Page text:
• Test code: 01105
  • Turnaround time:
    10–21 calendar days (14 days on average)
  • Preferred specimen:
    3mL whole blood in a purple-top tube
  • Alternate specimens:
    DNA or saliva/assisted saliva
  • Sample requirements
  • Request a sample kit

Invitae Pediatric Hematologic Malignancies Panel

Test description

The Invitae Pediatric Hematologic Malignancies Panel analyzes genes associated with a hereditary predisposition to develop childhood hematologic malignancies. These genes were selected based on the available evidence to date to provide Invitae’s most comprehensive childhood-onset hereditary hematologic malignancies panel. Some of these genes are also associated with an increased risk of other cancer types.

Recent studies of pediatric cancer patients have reported predisposing pathogenic variants in a number of heritable genes. The results show that approximately 10% of children who develop cancer have an underlying cancer predisposing condition. Genetic testing of these genes may confirm a diagnosis and can substantially influence the choice of appropriate screening and medical management options for the child and other relatives. This test is specifically designed for heritable germline mutations and is not appropriate for the detection of somatic mutations.

If the patient has undergone a bone marrow transplant from a donor (allogenic) prior to genetic testing or has a current hematological malignancy with actively circulating tumor cells, testing a sample type not derived from blood (such as skin biopsy) is recommended. While we do not accept this sample type directly, we can accept gDNA derived from skin or muscle, though deletion/duplication analysis is not guaranteed because the success rate varies based on sample quality. Please see our Sample requirements page for more details.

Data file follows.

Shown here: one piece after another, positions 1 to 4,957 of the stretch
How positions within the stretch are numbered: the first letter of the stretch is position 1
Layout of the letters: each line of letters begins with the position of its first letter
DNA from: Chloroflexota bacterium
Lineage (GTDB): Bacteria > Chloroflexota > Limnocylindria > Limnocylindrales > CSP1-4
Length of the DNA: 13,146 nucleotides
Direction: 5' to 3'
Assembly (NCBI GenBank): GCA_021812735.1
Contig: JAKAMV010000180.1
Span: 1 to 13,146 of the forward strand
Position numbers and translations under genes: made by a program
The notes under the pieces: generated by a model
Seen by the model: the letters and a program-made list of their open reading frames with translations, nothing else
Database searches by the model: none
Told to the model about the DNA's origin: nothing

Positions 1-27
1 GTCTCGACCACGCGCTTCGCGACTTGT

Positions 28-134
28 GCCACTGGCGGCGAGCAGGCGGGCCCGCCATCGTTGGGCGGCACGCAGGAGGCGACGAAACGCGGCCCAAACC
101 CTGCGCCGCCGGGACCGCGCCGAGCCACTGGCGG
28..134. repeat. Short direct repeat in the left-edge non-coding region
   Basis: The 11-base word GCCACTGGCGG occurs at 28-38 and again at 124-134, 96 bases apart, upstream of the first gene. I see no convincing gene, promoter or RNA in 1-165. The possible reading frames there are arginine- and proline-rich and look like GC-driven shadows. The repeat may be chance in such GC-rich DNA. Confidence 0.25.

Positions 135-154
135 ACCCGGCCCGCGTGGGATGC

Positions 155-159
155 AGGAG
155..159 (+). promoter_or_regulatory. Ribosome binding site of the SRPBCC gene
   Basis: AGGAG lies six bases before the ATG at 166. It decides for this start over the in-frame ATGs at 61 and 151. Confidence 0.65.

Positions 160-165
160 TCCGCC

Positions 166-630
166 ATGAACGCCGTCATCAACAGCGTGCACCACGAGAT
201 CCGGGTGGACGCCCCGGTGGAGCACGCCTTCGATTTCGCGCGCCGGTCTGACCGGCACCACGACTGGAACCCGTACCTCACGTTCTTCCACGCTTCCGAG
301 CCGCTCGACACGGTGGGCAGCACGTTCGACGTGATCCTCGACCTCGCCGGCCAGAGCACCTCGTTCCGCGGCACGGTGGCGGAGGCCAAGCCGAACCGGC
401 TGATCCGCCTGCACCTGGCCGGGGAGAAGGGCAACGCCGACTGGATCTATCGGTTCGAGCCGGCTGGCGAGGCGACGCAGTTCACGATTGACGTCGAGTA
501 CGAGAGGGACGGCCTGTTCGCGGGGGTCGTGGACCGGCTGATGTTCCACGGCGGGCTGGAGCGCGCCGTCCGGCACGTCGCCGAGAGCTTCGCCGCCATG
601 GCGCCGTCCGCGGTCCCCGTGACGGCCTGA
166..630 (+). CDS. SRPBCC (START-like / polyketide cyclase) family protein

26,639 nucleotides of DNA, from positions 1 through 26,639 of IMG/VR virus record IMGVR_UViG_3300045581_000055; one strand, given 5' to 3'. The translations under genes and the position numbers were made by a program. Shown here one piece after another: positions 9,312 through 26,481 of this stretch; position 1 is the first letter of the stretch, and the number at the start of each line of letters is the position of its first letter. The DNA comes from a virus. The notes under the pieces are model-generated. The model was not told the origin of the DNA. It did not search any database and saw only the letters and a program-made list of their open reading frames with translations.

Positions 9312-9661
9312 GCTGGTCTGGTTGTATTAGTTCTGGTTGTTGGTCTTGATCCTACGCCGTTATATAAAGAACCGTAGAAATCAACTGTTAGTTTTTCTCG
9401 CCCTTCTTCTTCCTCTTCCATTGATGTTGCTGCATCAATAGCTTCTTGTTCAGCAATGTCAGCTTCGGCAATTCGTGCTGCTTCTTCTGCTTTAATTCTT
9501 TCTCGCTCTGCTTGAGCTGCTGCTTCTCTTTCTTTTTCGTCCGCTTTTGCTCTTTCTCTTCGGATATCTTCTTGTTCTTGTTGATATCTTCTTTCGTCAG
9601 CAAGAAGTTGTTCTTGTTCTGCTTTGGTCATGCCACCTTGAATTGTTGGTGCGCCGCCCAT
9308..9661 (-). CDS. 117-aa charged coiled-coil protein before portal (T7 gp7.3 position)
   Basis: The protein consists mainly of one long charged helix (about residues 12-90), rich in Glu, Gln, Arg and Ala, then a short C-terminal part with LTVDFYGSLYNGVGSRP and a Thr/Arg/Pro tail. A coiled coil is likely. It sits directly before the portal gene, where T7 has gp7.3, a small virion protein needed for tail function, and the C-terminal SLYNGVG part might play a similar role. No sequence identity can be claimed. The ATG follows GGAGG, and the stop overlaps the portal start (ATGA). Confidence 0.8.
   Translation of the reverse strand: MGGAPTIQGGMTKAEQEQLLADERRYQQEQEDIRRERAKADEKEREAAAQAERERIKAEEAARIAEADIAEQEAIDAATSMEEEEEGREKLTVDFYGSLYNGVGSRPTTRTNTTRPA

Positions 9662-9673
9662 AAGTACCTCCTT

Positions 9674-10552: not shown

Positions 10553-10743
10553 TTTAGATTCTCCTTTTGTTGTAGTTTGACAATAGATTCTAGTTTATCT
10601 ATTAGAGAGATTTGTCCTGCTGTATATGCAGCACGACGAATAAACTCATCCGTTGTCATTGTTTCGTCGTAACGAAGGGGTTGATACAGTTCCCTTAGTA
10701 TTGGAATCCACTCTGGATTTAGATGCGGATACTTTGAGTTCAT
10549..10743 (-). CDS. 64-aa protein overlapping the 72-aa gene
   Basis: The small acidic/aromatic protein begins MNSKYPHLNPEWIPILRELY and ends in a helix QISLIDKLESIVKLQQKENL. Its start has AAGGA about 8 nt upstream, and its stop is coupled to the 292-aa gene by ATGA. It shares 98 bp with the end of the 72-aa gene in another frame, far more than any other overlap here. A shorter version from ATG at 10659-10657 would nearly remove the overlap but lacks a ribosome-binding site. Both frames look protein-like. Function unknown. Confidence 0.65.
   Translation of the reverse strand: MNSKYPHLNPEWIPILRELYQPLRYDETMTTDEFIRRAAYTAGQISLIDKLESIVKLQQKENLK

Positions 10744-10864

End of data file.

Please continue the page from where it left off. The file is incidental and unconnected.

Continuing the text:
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Primary panel (16 genes)


Alternative tests to consider

Inherited bone marrow failure syndromes (IBMFS) are a group of multisystemic disorders characterized by abnormal bone marrow production (aplastic anemia, thrombocytopenia, neutropenia), other clinical features, and increased risk of hematologic malignancy development. For patients with features suggestive of IBMFS, please see the Invitae Bone Marrow Failure Syndromes Panel for more details.

RASopathies are a class of pediatric developmental disorders that share a common spectrum of symptoms, including congenital heart defects, short stature, distinctive craniofacial features, and a predisposition to malignancies, such as juvenile myelomonocytic leukaemia (JMML) and embryonal rhabdomyosarcoma. For patients with features suggestive of a RASopathies condition, please see the Invitae RASopathies Comprehensive Panel for more details.

Advances in genetic testing and studies of pediatric cancer patients have reported predisposing pathogenic genetic variants in a number of heritable genes. Identification of a hereditary cancer predisposition in childhood or adolescence can substantially influence the choice of appropriate screening and medical management options for the child and other relatives.

Cases of early-onset hematologic malignancies in children or young adults may be associated with underlying hereditary predisposition syndromes. Blood-related cancers may present with other prominent clinical features as part of the spectrum of a particular genetic syndrome. Non-syndromic familial myelodysplastic syndrome (MDS)/acute myelogenous leukemia (AML) is characterized by a strong family history of MDS or AML without other apparent phenotypic features. Most cases are caused by inheriting a pathogenic variant in a gene encoding a transcription factor critical for hematopoiesis. Familial occurrences of MDS/AML appear to be rare, but may be underdiagnosed.